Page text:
Snail shells have been found in archaeological excavations, indicating snails have been eaten since prehistoric times.[ A number of archaeological sites around the Mediterranean have been excavated yielding physical evidence of culinary use of several species of snails. It may sound a bit yucky bit give them a go, there deliscious!


  • 16 tbsp. unsalted butter, softened
  • good handful flat-leaf parsley finely chopped
  • 1 tbsp. white wine
  • 1 tsp. cognac or French brandy
  • 3 cloves garlic, minced
  • 1 shallot, minced
  • salt, freshly ground black
  • pepper, and nutmeg, to taste
  • 24 extra-large snail shells (Use good-quality canned snails and store-bought snail shells)
  • 24 canned extra-large snails
  • Rock salt
  • Country bread, for serving


  1. In a bowl, whisk together butter, parsley, wine, cognac, garlic, and shallots with a fork.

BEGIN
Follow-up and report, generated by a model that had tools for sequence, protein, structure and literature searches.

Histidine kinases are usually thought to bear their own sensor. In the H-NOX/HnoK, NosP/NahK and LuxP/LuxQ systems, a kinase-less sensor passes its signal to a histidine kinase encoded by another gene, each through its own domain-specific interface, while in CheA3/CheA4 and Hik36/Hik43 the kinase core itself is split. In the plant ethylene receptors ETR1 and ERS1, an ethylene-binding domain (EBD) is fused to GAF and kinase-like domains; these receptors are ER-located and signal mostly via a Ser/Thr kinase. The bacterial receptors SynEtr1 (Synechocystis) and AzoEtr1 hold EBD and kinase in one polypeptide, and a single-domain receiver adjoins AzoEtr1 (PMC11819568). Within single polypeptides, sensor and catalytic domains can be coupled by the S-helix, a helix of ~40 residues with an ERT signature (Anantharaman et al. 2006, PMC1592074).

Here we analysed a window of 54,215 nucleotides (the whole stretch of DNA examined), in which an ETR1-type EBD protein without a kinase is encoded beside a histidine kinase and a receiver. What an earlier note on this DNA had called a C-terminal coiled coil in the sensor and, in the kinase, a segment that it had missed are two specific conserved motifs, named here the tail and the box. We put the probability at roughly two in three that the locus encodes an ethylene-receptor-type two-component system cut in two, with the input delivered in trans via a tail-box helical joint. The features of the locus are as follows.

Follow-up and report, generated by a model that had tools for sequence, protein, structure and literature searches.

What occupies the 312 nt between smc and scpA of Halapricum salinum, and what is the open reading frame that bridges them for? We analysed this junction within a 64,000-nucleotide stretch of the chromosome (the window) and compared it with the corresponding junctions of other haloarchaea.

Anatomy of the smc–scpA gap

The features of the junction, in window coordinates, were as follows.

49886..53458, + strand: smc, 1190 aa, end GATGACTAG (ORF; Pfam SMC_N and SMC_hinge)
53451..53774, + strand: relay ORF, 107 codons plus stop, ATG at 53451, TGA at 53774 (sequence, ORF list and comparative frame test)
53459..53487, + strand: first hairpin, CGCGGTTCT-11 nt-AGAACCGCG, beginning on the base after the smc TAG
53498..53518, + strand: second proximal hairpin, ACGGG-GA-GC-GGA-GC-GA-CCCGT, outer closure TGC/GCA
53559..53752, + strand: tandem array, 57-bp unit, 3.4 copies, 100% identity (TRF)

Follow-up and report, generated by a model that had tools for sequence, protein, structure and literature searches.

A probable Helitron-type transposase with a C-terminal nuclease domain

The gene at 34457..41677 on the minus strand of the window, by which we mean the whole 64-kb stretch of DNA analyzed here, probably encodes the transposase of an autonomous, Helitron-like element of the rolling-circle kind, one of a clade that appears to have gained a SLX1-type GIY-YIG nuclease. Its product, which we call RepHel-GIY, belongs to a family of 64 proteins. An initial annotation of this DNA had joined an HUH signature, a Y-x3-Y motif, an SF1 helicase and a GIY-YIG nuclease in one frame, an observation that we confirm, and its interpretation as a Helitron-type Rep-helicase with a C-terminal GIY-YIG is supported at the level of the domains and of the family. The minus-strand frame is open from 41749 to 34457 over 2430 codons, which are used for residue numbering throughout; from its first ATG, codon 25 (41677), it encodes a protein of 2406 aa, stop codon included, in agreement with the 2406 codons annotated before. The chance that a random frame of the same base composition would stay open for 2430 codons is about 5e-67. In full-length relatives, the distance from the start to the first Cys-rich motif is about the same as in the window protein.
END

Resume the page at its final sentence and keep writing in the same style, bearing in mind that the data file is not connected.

2. Season with saltPpepper, and nutmeg.
  3. Cover with plastic wrap and refrigerate overnight to let the flavors meld.
  4. Heat oven to 400°. Spoon about 1⁄2 tsp. of butter mixture into each snail shell. Push a snail into each shell; fill shells with remaining butter mixture.
  5. Cover bottom of a 9" x 13" baking pan with a layer of rock salt.
  6. Arrange snail shells butter side up on bed of salt and bake until butter sizzles, 10–12 minutes.
  7. Serve snails on a platter, with bread to soak up the butter, if you like.